If you're using the TCCx registers and want to change the frequency during operation, then it's usually best to use the buffered period register (PERB). This causes the change in frequency to occur at the end of the timer cycle:

REG_TCC0_PERB = 1919;                            // Set the frequency of the PWM on TCC0 to 25kHz
while(TCC0->SYNCBUSY.bit.PERB);                  // Wait for synchronization

Hi Martin, in case I would like to generate a sine wave of 100Hz using PWM what should I modify? I need to use the PWM because I need 4 sine waves that have the same frequency of 100Hz and the DAC which I used till now is too slow due to the i2c communication. I used the code that you posted here and added some other lines, can you help me to modify it in order to substitute the dac function with the PWM sine wave generation?

#include <Wire.h>
#include <Adafruit_Sensor.h>
#include <Adafruit_MCP4725.h>
#include <Adafruit_MMA8451.h>
// Output 25kHz single slope PWM with timer TCC0 on D7

volatile int flag = 0;
int ind = -1;

Adafruit_MCP4725 dac;

#define DAC_RESOLUTION (10)

volatile int sintable[256] PROGMEM = {
    512,524,537,549,562,574,587,599,611,624,636,648,660,672,684,696,707,719,730,741,753,764,774,785,796,806,816,826,836,846,855,864,873,882,890,899,907,915,922,930,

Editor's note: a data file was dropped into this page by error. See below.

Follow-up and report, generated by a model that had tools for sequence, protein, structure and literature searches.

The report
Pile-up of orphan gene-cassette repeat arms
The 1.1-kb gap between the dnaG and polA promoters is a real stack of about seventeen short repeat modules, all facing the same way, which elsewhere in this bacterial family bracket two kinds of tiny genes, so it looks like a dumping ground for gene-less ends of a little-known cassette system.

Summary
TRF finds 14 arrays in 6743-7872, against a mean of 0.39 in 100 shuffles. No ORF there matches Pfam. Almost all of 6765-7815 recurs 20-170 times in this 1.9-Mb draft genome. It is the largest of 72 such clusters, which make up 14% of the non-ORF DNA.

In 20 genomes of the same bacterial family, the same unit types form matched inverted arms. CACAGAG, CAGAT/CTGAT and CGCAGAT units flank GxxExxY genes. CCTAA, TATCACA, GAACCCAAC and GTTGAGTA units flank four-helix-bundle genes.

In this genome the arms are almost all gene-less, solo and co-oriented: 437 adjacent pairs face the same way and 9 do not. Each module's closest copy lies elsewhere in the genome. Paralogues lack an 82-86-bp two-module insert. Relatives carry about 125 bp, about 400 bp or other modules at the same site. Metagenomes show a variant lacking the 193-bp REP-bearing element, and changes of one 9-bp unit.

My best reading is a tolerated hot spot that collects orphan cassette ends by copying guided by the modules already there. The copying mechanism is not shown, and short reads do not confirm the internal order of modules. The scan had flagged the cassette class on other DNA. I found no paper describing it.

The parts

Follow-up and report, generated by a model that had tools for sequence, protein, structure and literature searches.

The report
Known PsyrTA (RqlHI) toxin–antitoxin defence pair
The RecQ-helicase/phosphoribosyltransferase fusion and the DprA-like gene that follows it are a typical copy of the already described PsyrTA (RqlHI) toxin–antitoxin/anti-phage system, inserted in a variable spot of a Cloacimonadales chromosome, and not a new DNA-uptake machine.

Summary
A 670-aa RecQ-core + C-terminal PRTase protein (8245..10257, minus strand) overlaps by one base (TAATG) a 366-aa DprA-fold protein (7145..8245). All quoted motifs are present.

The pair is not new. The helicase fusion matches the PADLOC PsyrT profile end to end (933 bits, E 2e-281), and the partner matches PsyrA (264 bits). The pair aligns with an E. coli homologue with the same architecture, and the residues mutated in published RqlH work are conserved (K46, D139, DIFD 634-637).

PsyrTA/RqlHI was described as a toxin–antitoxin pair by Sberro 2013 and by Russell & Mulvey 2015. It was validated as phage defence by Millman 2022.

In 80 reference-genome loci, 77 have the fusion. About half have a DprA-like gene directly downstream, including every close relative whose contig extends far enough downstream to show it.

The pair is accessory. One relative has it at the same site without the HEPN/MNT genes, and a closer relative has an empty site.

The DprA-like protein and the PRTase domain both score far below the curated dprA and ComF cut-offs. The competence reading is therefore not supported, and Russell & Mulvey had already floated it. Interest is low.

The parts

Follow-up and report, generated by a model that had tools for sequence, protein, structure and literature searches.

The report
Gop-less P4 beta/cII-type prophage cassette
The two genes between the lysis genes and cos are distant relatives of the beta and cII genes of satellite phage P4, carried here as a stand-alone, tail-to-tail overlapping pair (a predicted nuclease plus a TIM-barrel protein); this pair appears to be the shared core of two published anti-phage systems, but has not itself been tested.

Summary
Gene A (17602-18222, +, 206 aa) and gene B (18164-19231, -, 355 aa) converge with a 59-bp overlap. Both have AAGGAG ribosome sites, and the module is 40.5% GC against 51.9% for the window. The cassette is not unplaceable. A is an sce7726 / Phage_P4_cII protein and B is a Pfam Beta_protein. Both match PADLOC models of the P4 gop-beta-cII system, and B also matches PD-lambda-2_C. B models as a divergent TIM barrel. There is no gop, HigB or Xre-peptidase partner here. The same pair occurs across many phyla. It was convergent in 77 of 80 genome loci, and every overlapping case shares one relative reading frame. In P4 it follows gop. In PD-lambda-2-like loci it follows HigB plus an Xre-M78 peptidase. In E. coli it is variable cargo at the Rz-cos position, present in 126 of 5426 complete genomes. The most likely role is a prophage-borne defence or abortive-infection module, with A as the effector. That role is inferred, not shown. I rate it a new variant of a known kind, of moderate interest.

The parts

937,944,950,957,963,968,974,979,984,989,993,997,1001,1004,1008,1011,1013,1015,1017,1019,1021,1022,1022,1023,1023,1023,1022,1022,1021,1019,1017,1015,1013,1011,1008,1004,1001,997,993,989,
984,979,974,968,963,957,950,944,937,930,922,915,907,899,890,882,873,864,855,846,836,826,816,806,796,785,774,764,753,741,730,719,707,696,684,672,660,648,636,624,
611,599,587,574,562,549,537,524,512,499,486,474,461,449,436,424,412,399,387,375,363,351,339,327,316,304,293,282,270,259,249,238,227,217,207,197,187,177,168,159,
150,141,133,124,116,108,101,93,86,79,73,66,60,55,49,44,39,34,30,26,22,19,15,12,10,8,6,4,2,1,1,0,0,0,1,1,2,4,6,8,
10,12,15,19,22,26,30,34,39,44,49,55,60,66,73,79,86,93,101,108,116,124,133,141,150,159,168,177,187,197,207,217,227,238,249,259,270,282,293,304,
316,327,339,351,363,375,387,399,412,424,436,449,461,474,486,499